Krill is a free, open source RPKI Certificate Authority from NLnet Labs that lets you run delegated RPKI under one or multiple RIRs. In this article, we provide a comprehensive, step-by-step guide on how you can run Krill under the RIPE NCC.
When using RPKI in the RIPE NCC service region you have the choice between using the Hosted RPKI service in the LIR Portal, or running Delegated RPKI. While using the RIPE NCC's web interface to manage Route Origin Authorisations (ROAs) works great, running Delegated RPKI with free, open-source Krill Certificate Authority (CA) software has several advantages:
- You can seamlessly manage multiple entities in a single Krill instance, even spanning several RIR service regions.
- You can easily publish Krill's ROAs in a repository offered by your RIR as a service; currently either RIPE NCC, ARIN or APNIC.
- You can delegate resources to other business units or customers, who in turn run their own CA to manage ROAs.
- You can configure named users with roles and permissions over specific resources and business units.
- Krill's Prometheus endpoint easily integrates monitoring and alerting with your existing tooling.
- And of course, you will be the only holder of the private key of your resource certificate.
RPKI Publication as a Service
The model where you run your own Certificate Authority (CA) and publish with a third party is colloquially called Hybrid RPKI. Like ARIN and APNIC, the RIPE NCC offers resource holders RPKI Publication as a Service. This service lets you publish your ROAs in a well monitored, highly-available service operated by your RIR. This is highly recommended as it reduces the costs and risks of running one's own delegated CA dramatically.
🤩 By design, all RPKI Publication Services let you publish any ROA from any Regional Internet Registry (RIR). If you have resources in several RIR regions, you can simply run one Krill instance with multiple parents, and publish in a repository of your choice.
Moreover, the RIPE NCC lets you provision multiple repositories, which is great! This way you can delegate resources to other business units or customers who in turn run their own CA, who can also publish in the RIPE NCC repository instead of having to run their own.
Keep in mind that the RPKI publication service offered by your RIR is tied to your membership. This, along with the service level, support availability and other aspects that may be important to you should factor into the choice you make. Note that you can always migrate to a different repository later on, or run your own.
Before You Get Started
We'll provide a step-by-step guide how you can run Krill under the RIPE NCC. Before getting started there are a few things you need:
- IPv4 or IPv6 resources allocated to your organisation(s)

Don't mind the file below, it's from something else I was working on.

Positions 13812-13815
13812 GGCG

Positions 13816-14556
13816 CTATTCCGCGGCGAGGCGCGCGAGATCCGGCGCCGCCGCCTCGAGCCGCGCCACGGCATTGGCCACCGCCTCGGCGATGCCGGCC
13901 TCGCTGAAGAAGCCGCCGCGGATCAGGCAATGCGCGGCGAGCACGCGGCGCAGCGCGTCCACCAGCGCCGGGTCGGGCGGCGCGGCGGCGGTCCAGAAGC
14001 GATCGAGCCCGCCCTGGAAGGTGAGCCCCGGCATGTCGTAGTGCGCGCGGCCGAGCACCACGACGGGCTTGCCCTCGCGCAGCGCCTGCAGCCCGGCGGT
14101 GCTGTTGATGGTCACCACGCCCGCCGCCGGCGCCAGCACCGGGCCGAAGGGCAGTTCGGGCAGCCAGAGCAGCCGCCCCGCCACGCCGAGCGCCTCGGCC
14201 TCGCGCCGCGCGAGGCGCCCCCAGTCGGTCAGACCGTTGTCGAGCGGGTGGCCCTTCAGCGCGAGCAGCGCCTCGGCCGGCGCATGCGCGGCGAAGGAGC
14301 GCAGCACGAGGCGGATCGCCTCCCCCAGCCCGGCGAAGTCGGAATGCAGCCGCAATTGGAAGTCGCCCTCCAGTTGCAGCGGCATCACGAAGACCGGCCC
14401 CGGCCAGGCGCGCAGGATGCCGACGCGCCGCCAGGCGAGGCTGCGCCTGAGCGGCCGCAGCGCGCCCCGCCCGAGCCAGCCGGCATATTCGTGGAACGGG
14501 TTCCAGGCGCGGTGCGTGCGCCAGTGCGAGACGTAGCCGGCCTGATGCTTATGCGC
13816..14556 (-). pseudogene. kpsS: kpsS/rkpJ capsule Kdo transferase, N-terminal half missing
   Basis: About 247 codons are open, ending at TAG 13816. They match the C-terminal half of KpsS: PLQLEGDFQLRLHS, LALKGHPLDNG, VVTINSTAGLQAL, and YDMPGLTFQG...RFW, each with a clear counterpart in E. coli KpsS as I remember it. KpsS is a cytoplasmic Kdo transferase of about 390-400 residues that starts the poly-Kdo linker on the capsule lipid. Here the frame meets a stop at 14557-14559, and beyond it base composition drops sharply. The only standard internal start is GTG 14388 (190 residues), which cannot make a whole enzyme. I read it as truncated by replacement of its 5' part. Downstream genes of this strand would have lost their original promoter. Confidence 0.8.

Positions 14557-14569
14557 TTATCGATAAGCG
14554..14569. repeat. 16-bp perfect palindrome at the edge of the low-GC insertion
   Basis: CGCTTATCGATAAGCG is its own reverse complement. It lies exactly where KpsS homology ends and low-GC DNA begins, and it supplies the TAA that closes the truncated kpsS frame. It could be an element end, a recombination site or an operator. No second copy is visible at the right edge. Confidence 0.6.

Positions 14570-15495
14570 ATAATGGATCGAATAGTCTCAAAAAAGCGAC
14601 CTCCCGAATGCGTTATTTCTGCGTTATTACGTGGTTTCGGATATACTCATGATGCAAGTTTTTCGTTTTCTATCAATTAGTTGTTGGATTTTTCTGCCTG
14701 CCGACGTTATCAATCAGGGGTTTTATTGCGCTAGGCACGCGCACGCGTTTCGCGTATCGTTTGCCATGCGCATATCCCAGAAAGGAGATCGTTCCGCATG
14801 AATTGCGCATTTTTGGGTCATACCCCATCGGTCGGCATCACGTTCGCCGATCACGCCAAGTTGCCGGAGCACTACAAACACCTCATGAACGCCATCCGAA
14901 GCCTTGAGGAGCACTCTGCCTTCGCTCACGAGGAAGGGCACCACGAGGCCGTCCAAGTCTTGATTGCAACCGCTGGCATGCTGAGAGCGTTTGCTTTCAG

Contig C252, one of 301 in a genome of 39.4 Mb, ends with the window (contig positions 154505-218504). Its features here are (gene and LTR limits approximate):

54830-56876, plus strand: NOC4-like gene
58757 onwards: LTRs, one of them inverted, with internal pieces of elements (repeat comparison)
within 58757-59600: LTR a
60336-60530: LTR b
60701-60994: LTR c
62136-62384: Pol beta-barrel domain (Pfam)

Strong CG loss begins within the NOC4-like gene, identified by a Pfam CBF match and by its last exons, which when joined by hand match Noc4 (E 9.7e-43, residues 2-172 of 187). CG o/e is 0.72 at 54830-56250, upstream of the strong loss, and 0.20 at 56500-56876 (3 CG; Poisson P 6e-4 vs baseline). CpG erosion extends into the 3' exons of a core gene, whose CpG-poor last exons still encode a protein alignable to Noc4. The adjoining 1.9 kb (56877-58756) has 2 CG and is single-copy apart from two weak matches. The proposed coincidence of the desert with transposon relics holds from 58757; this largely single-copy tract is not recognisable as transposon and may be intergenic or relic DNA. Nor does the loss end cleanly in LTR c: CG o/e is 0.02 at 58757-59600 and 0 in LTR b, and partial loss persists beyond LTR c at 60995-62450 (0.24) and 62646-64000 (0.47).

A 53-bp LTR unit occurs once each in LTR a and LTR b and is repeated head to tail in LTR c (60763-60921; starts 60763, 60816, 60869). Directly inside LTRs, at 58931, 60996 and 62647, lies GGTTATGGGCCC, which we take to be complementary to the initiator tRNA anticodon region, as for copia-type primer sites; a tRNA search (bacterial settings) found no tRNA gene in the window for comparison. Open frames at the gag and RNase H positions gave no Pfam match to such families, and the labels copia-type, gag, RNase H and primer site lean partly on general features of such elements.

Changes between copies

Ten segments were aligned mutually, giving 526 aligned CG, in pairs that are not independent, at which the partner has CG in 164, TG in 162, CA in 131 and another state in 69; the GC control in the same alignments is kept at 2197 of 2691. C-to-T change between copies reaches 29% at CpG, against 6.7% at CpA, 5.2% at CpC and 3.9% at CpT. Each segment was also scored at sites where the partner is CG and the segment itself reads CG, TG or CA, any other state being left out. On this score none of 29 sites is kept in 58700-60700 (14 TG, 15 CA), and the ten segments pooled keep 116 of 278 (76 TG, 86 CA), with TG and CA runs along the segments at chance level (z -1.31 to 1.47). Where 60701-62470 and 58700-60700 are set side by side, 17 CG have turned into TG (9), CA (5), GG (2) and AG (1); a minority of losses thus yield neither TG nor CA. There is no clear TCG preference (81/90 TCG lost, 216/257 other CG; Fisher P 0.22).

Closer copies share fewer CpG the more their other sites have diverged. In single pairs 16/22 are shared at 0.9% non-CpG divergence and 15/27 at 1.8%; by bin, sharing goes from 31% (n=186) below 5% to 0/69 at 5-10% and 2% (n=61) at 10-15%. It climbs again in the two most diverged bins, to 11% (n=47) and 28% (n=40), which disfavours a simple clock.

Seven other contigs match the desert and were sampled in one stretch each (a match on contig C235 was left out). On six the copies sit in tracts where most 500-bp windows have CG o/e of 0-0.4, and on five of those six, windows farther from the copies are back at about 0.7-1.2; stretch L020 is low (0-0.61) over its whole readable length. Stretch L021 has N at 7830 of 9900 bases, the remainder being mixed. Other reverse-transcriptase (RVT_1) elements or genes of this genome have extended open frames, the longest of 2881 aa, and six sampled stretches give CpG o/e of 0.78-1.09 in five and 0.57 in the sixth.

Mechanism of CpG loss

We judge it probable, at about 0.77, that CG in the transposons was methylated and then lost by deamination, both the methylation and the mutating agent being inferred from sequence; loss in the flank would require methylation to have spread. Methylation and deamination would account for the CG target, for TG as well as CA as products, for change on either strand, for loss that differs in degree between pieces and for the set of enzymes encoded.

- Access to the LIR Portal with the "Resources" permission
You can gain operational experience by first setting up Krill in the RIPE NCC RPKI Test Environment. The test environment runs under a separate Trust Anchor and doesn't affect anything in your existing production setup. However, RIPE NCC's RPKI Publication as a Service is not available in their test environment and can't be set up if you still have an active hosted CA. Instead, you can register a publisher in the NLnet Labs RPKI Testbed.
Once you're comfortable and want to start using Krill in production, you will first need to revoke your existing hosted CA. We'll show you how to do this in the guide.
🚧 When your hosted CA configuration is reset, all your existing ROAs will be removed. This will make your routes temporarily fall back to the NotFound validity state, until you have recreated your ROAs in Krill. This means there is a short period you lose the protection RPKI offers, but reachability will not be affected.
Setting Up Krill
The first step is to set up a production Krill instance for your CA. You can of course follow our comprehensive documentation, but if you want to have a look at how we set up our own Krill CA server, with multi-user logins and Let's Encrypt and NGINX for secure access, then please have a look at the section called "Production CA Server with Multi User Access Setup" in this blog post. Note that you can skip the first part about the set up of a Krill Publication Server, because you can (and should) use the RIPE NCC's RPKI Publication as a Service instead.
🦐 Krill has minimal system requirements and doesn't have a strict uptime requirement if you use RIPE NCC's RPKI Publication as a Service. The CA doesn't need to be exposed to the Internet, making it easy to keep your keys safe.
For the purposes of this article we've quickly spun up a Debian 11 "bullseye" virtual machine and followed the Quick Start from the documentation. After adding the NLnet Labs package repository we ran
apt install krill, fetched the authentication token from the generated configuration file at
/etc/krill.conf and then started the service.
By default, Krill exposes it's user interface and API on localhost via HTTPS, using a self-signed TLS certificate. Of course you can set up a reverse proxy with a real certificate—in fact we recommend that—but for now we'll SSH into the VM using:
ssh -L 3000:localhost:3000 firstname.lastname@example.org
Note that in addition to the user interface, every function of Krill can be controlled from the command line interface (CLI). The Krill CLI is a wrapper around the API, which is based on JSON over HTTPS.
For this article we'll open
https://localhost:3000 in a local browser, accept the certificate security warning for now and get started in Krill's UI.
Configuring Your RPKI CA Under the RIPE NCC
🤝 Spoiler alert: With just a bit of clicking you'll be exchanging four files between Krill and the RIPE NCC to configure the CA and publication. That's it!
After logging into the Krill UI, you'll be asked to set a CA Handle. This is name that helps you and others recognise your organisation. The handle must consist only of alphanumeric characters, dashes and underscores. We'll keep it simple and choose the name